Transcriptome analysis of developing ovules in rice isolated by laser microdissection

Takahiko Kubo, Masahiro Fujita, Hirokazu Takahashi, Mikio Nakazono, Nobuhiro Tsutsumi, Nori Kurata

Research output: Contribution to journalArticle

37 Citations (Scopus)

Abstract

Comprehensive genome-wide gene expression profiles during plant male gametogenesis have been thoroughly analyzed over the last decade. In contrast, gene expression profiles during female gametogenesis have been studied relatively little, and our knowledge concerning plant female gametogenesis is limited. We determined the genome-wide gene expression profiles of developing ovules containing female gametophytes from the megaspore mother cell at the pre-meiotic stage to the mature embryo sac in rice (Oryza sativa) using microarrays. In order to separate ovules from scutellum, we used a laser microdissection (LM) technique. Dynamic gene expression was revealed in developing ovules, and a major transition of the transcriptome was observed between middle and late meiotic stages, where many genes were down-regulated >10-fold. Many potential players in female gametogenesis, that showed dynamic or enriched expression, were highlighted. We identified the temporal and dramatic up-regulation of a subset of transposable elements during female meiotic stages that were not observed in males. Transcription factor genes enriched in developing ovules were also uncovered, which may play crucial roles during female gametogenesis. This is the first report of comprehensive genome-wide gene expression profiles during female gametogenesis useful for plant reproductive studies. Combined with additional experiments, our data may provide important clues to understand female gametogenesis in plants.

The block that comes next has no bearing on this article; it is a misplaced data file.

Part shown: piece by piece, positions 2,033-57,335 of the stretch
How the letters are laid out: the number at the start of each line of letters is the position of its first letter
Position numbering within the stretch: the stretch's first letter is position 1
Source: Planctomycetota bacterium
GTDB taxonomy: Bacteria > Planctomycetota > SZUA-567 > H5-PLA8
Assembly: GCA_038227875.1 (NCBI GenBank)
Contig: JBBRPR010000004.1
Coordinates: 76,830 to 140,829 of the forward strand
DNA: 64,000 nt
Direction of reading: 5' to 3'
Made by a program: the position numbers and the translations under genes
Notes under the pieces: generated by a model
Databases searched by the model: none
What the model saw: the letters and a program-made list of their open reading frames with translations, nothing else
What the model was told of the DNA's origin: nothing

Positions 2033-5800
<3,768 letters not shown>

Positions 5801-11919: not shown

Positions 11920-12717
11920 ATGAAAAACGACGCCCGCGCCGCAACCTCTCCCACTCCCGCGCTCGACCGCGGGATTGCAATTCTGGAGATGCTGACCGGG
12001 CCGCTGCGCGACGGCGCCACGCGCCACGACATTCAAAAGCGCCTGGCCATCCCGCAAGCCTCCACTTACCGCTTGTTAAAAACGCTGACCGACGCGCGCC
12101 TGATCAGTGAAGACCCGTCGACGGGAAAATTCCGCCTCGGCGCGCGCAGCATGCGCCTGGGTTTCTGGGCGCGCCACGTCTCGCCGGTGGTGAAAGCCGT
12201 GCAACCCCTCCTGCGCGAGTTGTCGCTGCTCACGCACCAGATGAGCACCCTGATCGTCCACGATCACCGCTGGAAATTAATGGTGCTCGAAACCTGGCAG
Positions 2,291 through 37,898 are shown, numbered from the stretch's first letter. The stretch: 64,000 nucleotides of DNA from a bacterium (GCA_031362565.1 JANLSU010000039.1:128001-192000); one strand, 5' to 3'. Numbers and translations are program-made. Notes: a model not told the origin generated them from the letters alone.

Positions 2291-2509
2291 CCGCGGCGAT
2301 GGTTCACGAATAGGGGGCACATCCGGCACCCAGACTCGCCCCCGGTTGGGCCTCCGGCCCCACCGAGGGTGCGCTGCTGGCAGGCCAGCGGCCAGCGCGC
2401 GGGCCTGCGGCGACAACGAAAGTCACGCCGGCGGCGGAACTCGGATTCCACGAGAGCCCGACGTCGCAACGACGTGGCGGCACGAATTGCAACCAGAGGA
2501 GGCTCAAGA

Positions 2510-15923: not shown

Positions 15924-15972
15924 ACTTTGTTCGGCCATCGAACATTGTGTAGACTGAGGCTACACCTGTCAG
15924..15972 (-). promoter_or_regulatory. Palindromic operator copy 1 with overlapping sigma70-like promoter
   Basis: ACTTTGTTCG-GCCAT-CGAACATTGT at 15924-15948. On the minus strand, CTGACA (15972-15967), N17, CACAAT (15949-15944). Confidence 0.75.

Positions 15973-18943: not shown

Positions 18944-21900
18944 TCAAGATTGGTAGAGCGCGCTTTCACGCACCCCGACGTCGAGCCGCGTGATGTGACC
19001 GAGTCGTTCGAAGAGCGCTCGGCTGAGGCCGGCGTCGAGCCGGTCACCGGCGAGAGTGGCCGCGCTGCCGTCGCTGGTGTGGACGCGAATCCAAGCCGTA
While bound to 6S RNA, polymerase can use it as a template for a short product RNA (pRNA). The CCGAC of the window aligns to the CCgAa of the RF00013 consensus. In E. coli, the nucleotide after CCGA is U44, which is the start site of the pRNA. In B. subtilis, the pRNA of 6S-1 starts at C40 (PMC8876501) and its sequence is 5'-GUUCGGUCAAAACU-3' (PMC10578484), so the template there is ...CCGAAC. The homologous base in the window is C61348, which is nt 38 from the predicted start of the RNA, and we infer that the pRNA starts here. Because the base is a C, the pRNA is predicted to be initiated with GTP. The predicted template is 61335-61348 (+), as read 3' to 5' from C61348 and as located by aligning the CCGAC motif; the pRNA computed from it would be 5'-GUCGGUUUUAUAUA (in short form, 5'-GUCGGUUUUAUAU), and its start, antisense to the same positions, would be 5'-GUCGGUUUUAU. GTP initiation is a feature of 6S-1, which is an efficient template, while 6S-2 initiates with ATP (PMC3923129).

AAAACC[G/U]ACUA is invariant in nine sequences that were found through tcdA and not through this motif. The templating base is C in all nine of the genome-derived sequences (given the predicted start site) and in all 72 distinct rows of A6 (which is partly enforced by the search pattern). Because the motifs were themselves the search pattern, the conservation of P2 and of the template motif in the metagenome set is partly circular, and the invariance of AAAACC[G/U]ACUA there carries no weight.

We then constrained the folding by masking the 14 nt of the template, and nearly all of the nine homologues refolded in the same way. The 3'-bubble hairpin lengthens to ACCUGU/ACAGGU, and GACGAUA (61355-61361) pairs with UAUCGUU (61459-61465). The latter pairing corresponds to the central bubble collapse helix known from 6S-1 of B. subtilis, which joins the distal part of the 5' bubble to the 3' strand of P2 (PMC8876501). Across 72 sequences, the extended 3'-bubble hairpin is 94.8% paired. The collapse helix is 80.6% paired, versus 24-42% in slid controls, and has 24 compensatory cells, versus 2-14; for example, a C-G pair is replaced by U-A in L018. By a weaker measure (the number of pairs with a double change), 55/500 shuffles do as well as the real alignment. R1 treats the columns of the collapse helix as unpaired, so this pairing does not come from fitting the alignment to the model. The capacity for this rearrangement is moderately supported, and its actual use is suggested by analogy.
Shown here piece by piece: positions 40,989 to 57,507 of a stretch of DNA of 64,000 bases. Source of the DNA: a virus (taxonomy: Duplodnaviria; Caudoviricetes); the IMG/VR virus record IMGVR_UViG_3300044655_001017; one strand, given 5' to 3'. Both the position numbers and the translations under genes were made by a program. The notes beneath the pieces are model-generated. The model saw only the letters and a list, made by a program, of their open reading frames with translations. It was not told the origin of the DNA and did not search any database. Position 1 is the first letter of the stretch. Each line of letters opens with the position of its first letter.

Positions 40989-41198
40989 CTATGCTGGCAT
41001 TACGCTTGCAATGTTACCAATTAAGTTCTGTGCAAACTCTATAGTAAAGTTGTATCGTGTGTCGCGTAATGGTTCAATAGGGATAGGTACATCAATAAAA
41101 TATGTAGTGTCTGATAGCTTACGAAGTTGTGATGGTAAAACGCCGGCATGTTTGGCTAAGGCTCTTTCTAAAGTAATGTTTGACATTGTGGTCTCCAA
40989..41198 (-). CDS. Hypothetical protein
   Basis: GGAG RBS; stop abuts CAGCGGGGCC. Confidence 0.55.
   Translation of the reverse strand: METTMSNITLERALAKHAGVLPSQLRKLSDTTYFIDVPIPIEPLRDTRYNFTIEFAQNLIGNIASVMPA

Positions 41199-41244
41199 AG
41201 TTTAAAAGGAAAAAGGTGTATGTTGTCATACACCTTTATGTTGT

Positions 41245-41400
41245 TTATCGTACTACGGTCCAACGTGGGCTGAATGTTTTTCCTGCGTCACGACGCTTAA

Original languageEnglish
Pages (from-to)750-765
Number of pages16
JournalPlant and Cell Physiology
Volume54
Issue number5
DOIs
Publication statusPublished - May 1 2013
Externally publishedYes

All Science Journal Classification (ASJC) codes

  • Medicine(all)
  • Physiology
  • Plant Science
  • Cell Biology

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